Because of the development of antibiotic resistance in pathogens, there is a continuing need for discovery of effective, new antibiotics for treatment of infections. Macrolide antibiotics have been shown to be effective for treatment of otitis media. Their ability to interfere with quorum sensing in biofilms suggests that they may be effective in treating the more difficult cases of otitis media where biofilms are present. Although the present study was performed using single applications on the guinea pig model, the results suggest that AZ could be ototoxic in humans if topically applied to the ear. Therefore, AZ may not be appropriate for inclusion in formulations intended for ototopical use. In addition, there have been occasional cases of temporary and permanent hearing losses after systemic AZ treatment.14 That fact, along with the results of the present study showing ototoxicity of AZ occurring in a concentration-dependent manner, suggest that AZ can be ototoxic if it enters the inner ear in sufficient concentrations. Therefore, caution should be taken when administering AZ systemically.
Macrolides are an accepted and often preferred therapy for chronic rhinosinusitis.15 Their beneficial effect is a consequence not only of their bacteriologic and bacteriostatic effect but also because they downregulate proinflammatory mediators.16 They are often used in lower dosages (250 mg/d) for longer periods of time because of the immunomodulation effect. To date, no ototoxic effects have been reported in association with this treatment regimen. However, given that ototoxicity has occasionally occurred in patients receiving systemic AZ and the potential for some antibiotics to accumulate in perilymph over time, it may be advisable to audiometrically monitor patients who are receiving long-term therapy.
Correspondence: Karen S. Pawlowski, PhD, Department of Otolaryngology–Head and Neck Surgery, The University of Texas Southwestern Medical Center at Dallas, 5323 Harry Hines Blvd, Dallas, TX 75390-9035 (Karen.Pawlowski@utsouthwestern.edu).
Submitted for Publication: April 17, 2009; final revision received December 22, 2009; accepted January 12, 2010.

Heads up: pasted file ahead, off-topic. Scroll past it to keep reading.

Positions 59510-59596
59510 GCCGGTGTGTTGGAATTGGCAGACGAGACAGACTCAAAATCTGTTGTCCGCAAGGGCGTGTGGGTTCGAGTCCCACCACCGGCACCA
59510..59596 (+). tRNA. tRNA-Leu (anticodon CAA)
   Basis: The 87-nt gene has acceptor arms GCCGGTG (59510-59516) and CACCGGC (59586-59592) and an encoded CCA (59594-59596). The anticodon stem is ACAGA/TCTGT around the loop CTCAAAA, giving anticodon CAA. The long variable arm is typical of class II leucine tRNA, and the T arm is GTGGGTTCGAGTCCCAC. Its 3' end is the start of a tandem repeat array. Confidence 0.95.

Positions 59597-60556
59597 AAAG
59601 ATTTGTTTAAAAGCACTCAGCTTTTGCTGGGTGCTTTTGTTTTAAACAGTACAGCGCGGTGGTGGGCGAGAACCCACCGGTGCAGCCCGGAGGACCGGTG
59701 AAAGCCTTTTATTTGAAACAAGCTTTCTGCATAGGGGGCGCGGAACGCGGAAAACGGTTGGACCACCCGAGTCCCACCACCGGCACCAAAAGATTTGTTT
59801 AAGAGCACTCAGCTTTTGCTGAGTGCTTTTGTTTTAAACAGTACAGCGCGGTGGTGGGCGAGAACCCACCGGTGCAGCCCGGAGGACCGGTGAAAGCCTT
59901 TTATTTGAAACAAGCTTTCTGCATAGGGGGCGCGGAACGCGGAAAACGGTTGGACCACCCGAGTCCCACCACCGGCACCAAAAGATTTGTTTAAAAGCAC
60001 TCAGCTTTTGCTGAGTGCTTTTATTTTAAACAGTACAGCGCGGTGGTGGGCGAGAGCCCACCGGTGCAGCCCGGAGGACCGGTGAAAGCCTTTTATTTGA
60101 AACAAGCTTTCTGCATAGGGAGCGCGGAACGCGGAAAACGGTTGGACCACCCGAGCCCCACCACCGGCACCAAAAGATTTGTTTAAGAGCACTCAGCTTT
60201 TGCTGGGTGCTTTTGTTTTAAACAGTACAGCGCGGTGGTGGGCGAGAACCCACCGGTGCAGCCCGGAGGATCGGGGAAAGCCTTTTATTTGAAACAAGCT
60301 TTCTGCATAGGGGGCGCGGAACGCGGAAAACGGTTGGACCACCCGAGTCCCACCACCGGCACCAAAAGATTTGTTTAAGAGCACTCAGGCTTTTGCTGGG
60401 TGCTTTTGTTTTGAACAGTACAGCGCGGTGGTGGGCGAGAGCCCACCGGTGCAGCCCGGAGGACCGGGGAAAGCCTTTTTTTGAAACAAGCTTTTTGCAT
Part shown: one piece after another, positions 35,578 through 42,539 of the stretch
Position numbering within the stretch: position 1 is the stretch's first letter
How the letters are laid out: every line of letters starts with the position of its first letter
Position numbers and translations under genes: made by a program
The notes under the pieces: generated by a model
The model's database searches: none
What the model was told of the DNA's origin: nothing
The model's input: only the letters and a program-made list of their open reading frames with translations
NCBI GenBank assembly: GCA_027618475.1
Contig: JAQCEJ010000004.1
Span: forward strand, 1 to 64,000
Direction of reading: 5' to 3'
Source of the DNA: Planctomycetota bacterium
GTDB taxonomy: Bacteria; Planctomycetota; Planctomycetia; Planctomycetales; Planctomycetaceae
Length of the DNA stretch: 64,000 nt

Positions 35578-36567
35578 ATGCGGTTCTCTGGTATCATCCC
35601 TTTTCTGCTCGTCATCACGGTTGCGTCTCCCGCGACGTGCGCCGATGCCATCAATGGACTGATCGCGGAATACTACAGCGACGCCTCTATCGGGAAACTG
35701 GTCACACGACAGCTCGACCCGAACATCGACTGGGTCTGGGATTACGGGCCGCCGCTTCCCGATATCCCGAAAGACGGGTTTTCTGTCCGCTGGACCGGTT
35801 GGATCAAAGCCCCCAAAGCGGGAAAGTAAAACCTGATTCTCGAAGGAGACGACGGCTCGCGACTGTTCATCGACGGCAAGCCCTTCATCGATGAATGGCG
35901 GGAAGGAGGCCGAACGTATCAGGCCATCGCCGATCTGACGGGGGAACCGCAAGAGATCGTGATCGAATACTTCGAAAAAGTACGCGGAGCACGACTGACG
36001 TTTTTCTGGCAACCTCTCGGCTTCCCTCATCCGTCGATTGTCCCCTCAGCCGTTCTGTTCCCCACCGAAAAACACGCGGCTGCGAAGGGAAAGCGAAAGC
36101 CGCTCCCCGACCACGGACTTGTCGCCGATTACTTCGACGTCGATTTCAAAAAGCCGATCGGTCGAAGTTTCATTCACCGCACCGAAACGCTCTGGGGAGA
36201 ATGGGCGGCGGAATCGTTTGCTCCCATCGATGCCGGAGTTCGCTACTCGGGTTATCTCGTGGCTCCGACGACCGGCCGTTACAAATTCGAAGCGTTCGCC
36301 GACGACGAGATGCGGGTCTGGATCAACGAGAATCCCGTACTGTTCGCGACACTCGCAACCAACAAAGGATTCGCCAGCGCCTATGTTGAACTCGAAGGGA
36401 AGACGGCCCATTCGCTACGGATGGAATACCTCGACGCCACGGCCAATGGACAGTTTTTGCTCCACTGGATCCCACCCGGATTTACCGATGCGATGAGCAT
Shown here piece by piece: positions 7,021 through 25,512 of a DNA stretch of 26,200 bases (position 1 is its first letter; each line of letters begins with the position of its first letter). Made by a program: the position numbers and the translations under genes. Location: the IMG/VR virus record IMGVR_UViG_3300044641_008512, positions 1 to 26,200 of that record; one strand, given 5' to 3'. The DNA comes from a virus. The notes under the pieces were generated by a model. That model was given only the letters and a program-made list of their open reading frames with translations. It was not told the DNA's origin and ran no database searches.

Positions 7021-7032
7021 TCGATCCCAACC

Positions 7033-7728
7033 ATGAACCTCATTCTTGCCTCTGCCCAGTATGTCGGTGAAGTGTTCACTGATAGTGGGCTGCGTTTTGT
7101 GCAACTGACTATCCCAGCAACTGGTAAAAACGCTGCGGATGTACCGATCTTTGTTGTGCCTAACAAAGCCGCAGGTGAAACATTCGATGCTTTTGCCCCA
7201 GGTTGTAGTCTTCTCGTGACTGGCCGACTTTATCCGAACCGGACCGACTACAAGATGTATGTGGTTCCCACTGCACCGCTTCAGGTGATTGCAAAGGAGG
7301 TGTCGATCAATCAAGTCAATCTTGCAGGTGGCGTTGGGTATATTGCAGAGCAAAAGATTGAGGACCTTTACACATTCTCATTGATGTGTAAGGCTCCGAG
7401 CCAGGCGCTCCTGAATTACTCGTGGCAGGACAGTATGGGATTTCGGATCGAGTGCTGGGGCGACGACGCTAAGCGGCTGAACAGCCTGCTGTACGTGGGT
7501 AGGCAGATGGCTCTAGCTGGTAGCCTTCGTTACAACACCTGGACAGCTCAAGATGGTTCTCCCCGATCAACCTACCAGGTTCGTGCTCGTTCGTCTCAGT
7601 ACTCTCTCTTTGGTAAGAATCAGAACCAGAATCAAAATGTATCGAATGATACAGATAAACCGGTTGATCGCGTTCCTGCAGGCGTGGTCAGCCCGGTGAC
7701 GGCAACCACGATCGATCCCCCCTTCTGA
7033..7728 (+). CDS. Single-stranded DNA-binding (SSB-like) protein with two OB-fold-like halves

Author Contributions: Dr Pawlowski had full access to all the data in the study and takes responsibility for the integrity of the data and the accuracy of the data analysis. Study concept and design: Pawlowski, Si, Wright, Hosseini, and Roland. Acquisition of data: Pawlowski and Koulich. Analysis and interpretation of data: Pawlowski and Koulich. Drafting of the manuscript: Pawlowski. Critical revision of the manuscript for important intellectual content: Pawlowski, Si, Wright, Koulich, Hosseini, and Roland. Obtained funding: Si, Wright, Hosseini, and Roland. Administrative, technical, and material support: Si, Wright, Koulich, and Hosseini. Study supervision: Pawlowski.
Financial Disclosure: Dr Pawlowski has applied for a patent entitled “Micro- and non-patterned surface features to reduce implant fouling and regulate wound healing” (patent application 20090093879). Although Drs Hosseini and Si are employees of the sponsor of the study, InSite Vision Inc, they do not have any financial interest to disclose because InSite Vision Inc has decided not to pursue further development of an ototopically applied preparation of azithromycin, as mentioned in this article. Dr Roland has worked as a consultant or received honoraria from Alcon Laboratories, MED-EL Corporation, Advanced Bionics LLC, and Cochlear Corporation and has worked as a speaker and received honoraria from GlaxoSmithKline and Alcon Laboratories.
Funding/Support: This work was funded in part by InSite Vision Inc.
Previous Presentation: This study was presented at the 32nd Annual Midwinter Meeting of the Association for Research in Otolaryngology; February 18, 2009; Baltimore, Maryland.
Additional Contributions: Kipton Sheek, AAAS, and Paula Timmons, HT, LAT, provided assistance in performing the animal experiments. Christopher Gilpin, PhD, Laurie Mueller, BS, and Tom Januszewski, MS, in The University of Texas Southwestern Molecular and Cellular Imaging Facilities, provided assistance with scanning electron microscopy work.